As a vegan, intaking certain vitamins and nutrients will prove difficult to get the necessary amounts that your body needs. Though it is entirely possible to be vegan and get these nutrients on your own, if you are just starting out and learning the ropes, we would suggest taking supplements as it may take some time to get the hang of things.
The most important supplement to take is B12. Vitamin B12 is essential for red blood cell production and maintaining a healthy nervous system; however, it is mostly found in animal products like meat and fish - so taking a supplement is a must. Other supplements that vegans should consider taking are Vitamin D, Iron, Zinc, Omega 3 Fatty Acids, and Calcium. If you’re not a fan of taking too many pills, there are a lot of vegan multivitamins on the market as well.
Ingredients That Will Make The Transition Easier
Whether you plan on going full-fledged vegan overnight or plan on slowly integrating it into your lifestyle, you’re going to want to grab a few of these things from the grocery store. If you are planning on going cold turkey (pun intended), make sure you either use up or pass on any items in your pantry that will no longer be needed; no matter what kind of food it is (vegan or not) it shouldn't be wasted.
I’ve provided a list of ingredients that I wish I would have had in my pantry before making the switch:
Nutritional Yeast - Not only is it used in a ton of recipes, but you can also sprinkle it on virtually anything to add a cheesy flavor and a little extra B12.
Coconut Oil - Make sure to pick up the refined version, it has a neutral scent and won’t add any coconut flavors to whatever your making.
Cashews - Be sure to grab raw cashews, unroasted, and unsalted for variety.
Chickpeas - These are an easy, reliable source of protein. They are also known as garbanzo beans.
Tofu - Another great source of protein and contains all nine essential amino acids. Check out my favorite recipe here, it’s simple and only has a few ingredients.
Maple Syrup - It’s used in so many recipes and is a great sweetener replacement for sugar, which as we mentioned earlier is oftentimes not vegan.
Applesauce - This one may seem a little random, but applesauce is a great substitute for eggs when baking.
Quinoa - While most use quinoa as a grain, it is also high in protein and contains all of the essential amino acids we need.
Vegan Butter - A healthy non-dairy substitute for normal butter. There are plenty of great options: Earthbalance, Miyoko's Kitchen, even Country Crook recently came out with a plant-based butter.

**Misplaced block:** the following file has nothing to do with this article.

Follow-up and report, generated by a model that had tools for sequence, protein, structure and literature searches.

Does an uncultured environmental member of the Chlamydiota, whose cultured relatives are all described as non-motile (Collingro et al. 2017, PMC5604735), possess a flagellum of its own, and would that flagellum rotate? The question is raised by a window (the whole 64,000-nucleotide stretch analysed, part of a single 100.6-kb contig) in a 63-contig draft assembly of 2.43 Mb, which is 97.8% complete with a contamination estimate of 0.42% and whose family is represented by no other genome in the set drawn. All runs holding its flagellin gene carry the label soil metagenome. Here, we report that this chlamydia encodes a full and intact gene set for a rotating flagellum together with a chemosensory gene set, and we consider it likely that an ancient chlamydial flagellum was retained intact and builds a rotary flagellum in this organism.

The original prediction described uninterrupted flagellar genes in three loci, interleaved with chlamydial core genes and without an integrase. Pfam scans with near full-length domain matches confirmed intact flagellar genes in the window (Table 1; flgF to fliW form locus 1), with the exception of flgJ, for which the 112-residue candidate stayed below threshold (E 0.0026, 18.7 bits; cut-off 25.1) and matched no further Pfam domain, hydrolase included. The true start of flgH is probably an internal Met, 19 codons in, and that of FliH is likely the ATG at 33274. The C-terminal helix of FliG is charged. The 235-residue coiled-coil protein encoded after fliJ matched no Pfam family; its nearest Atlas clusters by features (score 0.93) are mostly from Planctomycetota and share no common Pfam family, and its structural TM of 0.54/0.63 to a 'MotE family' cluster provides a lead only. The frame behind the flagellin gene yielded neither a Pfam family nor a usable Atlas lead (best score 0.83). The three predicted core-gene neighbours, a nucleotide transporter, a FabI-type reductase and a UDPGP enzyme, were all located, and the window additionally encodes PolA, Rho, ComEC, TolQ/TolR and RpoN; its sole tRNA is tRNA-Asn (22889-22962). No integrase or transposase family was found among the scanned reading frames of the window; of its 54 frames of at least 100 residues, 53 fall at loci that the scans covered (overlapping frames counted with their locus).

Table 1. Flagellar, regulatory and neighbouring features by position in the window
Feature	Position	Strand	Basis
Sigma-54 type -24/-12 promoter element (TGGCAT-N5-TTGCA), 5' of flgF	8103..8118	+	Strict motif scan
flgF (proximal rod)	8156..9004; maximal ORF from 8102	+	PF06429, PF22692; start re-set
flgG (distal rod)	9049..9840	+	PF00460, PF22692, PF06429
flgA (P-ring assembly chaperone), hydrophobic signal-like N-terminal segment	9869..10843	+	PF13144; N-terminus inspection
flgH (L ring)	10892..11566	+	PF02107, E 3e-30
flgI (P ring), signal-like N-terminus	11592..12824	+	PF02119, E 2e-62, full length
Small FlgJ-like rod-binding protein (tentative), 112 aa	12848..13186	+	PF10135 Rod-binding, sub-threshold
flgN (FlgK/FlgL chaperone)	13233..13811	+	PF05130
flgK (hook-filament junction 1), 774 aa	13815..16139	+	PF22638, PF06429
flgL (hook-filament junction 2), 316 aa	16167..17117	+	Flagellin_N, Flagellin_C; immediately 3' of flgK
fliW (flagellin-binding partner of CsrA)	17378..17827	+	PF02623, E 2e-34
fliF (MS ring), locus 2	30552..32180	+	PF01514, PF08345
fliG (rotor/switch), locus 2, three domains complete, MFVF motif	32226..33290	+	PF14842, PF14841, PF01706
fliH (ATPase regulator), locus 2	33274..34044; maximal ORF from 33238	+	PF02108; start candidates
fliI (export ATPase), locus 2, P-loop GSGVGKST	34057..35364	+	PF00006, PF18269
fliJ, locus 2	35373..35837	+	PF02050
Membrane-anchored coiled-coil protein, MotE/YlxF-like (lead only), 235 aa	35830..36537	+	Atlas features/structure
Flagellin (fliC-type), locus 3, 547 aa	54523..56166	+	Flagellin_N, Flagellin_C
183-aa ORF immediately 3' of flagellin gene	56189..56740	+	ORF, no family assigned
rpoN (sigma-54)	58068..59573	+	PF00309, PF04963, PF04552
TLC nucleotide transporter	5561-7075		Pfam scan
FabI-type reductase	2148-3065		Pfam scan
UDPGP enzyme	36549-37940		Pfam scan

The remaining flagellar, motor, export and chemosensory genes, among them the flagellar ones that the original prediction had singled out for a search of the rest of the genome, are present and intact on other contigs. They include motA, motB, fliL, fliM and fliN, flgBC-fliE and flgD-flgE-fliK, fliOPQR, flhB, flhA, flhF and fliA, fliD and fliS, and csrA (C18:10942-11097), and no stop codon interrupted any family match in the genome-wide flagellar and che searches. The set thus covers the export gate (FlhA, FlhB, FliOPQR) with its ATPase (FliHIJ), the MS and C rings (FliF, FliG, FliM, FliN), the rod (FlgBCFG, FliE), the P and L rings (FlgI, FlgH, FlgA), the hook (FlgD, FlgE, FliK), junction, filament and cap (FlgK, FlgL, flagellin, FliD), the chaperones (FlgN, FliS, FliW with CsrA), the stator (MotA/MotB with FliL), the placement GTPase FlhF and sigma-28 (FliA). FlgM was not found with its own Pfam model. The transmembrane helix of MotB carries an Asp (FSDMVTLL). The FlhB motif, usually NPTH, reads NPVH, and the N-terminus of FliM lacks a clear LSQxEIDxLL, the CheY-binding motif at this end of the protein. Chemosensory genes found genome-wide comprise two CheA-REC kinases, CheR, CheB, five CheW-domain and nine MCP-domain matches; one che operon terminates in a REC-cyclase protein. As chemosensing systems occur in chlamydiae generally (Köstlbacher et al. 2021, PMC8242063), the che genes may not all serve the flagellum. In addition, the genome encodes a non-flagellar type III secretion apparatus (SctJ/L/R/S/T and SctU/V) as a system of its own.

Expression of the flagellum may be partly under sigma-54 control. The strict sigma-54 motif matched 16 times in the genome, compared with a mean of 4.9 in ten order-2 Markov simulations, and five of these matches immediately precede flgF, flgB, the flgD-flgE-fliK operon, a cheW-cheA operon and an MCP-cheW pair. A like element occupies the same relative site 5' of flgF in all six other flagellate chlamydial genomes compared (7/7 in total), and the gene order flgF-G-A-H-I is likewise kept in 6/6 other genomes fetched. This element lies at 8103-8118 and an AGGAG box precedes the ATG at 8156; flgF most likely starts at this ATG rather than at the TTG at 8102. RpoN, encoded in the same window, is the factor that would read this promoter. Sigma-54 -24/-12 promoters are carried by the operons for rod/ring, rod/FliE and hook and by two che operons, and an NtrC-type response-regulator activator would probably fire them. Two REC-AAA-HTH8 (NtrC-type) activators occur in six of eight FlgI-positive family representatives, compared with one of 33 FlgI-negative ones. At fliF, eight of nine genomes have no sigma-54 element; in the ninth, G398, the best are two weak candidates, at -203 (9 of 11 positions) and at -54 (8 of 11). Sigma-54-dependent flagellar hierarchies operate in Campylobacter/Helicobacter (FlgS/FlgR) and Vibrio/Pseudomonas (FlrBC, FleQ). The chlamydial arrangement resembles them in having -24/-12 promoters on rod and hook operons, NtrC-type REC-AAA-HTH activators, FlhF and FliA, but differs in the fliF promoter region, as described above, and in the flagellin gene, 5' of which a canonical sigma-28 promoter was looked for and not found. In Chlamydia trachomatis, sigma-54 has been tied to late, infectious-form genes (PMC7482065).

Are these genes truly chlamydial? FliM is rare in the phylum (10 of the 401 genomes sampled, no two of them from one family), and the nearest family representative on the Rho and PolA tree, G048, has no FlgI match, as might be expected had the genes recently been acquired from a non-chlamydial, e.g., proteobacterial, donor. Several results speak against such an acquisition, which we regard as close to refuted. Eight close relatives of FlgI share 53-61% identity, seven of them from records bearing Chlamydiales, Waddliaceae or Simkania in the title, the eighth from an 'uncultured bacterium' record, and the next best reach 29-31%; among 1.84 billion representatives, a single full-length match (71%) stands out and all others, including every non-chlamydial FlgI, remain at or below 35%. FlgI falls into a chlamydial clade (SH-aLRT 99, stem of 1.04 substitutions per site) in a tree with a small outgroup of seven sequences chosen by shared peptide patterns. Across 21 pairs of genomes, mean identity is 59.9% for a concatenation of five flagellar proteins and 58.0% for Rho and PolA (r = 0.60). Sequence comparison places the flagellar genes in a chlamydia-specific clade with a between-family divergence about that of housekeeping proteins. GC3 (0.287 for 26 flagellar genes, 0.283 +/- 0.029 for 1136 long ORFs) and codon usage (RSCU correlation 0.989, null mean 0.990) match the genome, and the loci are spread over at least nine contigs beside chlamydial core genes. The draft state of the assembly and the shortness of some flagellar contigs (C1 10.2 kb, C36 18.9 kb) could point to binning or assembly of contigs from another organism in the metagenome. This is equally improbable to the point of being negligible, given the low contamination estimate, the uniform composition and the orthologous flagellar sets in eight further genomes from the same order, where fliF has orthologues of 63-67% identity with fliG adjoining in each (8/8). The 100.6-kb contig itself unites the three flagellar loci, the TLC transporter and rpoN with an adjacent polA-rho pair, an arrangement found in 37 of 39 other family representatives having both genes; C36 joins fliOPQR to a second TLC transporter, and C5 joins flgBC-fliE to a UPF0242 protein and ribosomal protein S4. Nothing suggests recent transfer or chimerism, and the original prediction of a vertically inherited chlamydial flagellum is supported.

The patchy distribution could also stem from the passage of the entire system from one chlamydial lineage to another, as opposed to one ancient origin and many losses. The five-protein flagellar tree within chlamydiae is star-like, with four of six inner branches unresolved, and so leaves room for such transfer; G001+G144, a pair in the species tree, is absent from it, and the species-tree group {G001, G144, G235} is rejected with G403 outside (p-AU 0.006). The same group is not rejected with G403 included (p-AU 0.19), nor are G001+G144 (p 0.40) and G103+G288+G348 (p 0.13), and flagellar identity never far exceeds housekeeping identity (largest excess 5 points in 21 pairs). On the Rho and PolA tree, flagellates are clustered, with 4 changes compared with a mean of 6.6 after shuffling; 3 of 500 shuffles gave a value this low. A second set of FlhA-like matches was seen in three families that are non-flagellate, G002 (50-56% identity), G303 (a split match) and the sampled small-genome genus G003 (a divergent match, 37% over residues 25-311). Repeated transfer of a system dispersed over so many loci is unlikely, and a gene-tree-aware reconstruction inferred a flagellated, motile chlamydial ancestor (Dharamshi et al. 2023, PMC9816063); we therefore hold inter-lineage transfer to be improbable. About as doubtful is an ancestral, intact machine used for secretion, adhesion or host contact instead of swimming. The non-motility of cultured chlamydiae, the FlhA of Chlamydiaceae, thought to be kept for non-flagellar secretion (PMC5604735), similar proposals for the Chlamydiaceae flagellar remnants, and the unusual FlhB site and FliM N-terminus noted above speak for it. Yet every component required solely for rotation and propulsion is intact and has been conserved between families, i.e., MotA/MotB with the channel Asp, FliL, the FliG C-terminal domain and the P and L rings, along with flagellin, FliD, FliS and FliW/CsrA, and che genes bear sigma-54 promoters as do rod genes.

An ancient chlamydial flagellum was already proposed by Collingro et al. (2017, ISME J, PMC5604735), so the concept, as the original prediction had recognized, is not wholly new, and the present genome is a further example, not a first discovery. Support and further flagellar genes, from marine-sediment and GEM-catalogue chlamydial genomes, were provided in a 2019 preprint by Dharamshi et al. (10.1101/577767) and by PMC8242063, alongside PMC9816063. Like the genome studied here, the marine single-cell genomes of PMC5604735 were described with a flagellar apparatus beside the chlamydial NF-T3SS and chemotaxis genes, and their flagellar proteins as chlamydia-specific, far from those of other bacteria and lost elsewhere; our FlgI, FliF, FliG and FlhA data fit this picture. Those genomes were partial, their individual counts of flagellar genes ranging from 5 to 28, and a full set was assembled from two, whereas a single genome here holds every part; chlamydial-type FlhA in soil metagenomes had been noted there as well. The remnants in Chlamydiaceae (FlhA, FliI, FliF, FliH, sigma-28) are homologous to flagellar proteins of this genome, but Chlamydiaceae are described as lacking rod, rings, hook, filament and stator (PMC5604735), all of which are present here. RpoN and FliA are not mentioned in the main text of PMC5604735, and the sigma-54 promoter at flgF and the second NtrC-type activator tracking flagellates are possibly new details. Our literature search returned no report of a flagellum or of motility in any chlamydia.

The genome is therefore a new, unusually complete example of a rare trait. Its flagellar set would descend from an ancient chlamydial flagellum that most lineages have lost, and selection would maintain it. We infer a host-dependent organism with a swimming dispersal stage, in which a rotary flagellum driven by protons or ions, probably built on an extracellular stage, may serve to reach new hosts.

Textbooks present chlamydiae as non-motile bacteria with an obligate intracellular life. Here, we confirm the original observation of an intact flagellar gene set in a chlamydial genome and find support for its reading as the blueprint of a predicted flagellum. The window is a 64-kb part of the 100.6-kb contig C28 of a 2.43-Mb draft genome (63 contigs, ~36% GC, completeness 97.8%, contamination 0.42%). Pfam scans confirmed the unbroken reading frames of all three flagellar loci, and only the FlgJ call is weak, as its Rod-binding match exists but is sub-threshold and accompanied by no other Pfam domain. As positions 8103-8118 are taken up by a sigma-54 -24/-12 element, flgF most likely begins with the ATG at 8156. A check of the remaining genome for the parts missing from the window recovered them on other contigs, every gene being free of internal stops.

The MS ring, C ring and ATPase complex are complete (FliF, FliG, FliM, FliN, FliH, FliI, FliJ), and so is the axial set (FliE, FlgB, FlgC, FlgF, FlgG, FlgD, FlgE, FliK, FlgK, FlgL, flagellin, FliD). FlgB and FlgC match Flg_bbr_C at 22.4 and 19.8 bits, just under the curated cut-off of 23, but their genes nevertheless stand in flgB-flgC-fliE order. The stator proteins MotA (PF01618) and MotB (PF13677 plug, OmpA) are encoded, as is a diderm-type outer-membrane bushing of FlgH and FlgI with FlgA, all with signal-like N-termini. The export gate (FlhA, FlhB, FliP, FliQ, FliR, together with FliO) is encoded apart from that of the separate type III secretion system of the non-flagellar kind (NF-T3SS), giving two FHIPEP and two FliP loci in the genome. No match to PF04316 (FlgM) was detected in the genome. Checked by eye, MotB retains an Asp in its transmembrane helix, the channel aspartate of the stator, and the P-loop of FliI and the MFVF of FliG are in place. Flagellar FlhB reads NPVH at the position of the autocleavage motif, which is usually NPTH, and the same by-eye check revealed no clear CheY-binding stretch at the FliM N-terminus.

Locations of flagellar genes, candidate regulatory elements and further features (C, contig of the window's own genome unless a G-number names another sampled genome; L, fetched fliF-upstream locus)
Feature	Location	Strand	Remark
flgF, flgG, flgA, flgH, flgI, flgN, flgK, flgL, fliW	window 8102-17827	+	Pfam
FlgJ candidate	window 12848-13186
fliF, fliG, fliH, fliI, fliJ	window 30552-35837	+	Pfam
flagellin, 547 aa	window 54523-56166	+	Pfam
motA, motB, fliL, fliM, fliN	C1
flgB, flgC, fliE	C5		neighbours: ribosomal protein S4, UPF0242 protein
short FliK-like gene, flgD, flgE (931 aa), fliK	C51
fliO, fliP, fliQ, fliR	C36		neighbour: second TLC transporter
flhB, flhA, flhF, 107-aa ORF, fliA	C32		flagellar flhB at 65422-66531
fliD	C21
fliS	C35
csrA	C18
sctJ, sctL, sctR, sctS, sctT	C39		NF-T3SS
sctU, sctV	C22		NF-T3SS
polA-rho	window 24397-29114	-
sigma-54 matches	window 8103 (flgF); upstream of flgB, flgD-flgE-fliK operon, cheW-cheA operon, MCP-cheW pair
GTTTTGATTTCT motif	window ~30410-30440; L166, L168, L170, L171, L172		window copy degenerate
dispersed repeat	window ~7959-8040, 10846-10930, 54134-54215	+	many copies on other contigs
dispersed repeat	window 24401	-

Dairy-Free Milk - This one might seem like a no brainer, but plant-based milk is the easiest place to start. There are many options like Oatly.
How Should I Go About Making This Change?
There are many approaches to officially making the switch, and everyone’s experience is different. Listen to your body and do what’s right for you. I went vegan overnight - but I only did this because I know myself (I’m very much an all or nothing kind of person). The Vegan Society offers great tips on how to go about the process. In sum, they suggest taking it slow, doing it right, trying new things, educating yourself, asking for help, reminding yourself why you went vegan, and not giving up.
The Journey Ahead
You will make mistakes and that’s okay. I ate Cinnamon Toast Crunch for four months before I learned that it’s not vegan regardless of its deceiving ingredient list. Despite this mistake and a few others, I have still identified as a vegan. Veganism is a journey and a learning process that will undoubtedly have bumps in the road - we wouldn't advise listening to people who tell you otherwise. Some vegans are very strict, but don’t let that scare you off. It's okay if you don’t make it to full-blown vegan. Go easy on yourself and remember that every step you take is creating a positive change in the world.
It's Not For Everybody
We understand that veganism is not for everybody. Whether it’s due to financial or health reasons, or you're just not the one doing the cooking in the house, just know that there is a whole community that appreciates your desire to learn. Educating yourself is the most powerful thing you can do.
Veganism is by no means the only ethical and sustainable lifestyle. Despite the superiority complex that is typically associated with vegans, the majority of us do not want to criticize or attack anyone else’s dietary choices. Veganism is a choice that should be made by and for the individuals themselves. If you are aware of any genetic deficiencies or have a history with any form of an eating disorder, consider consulting a doctor before committing. Your health should be your greatest priority.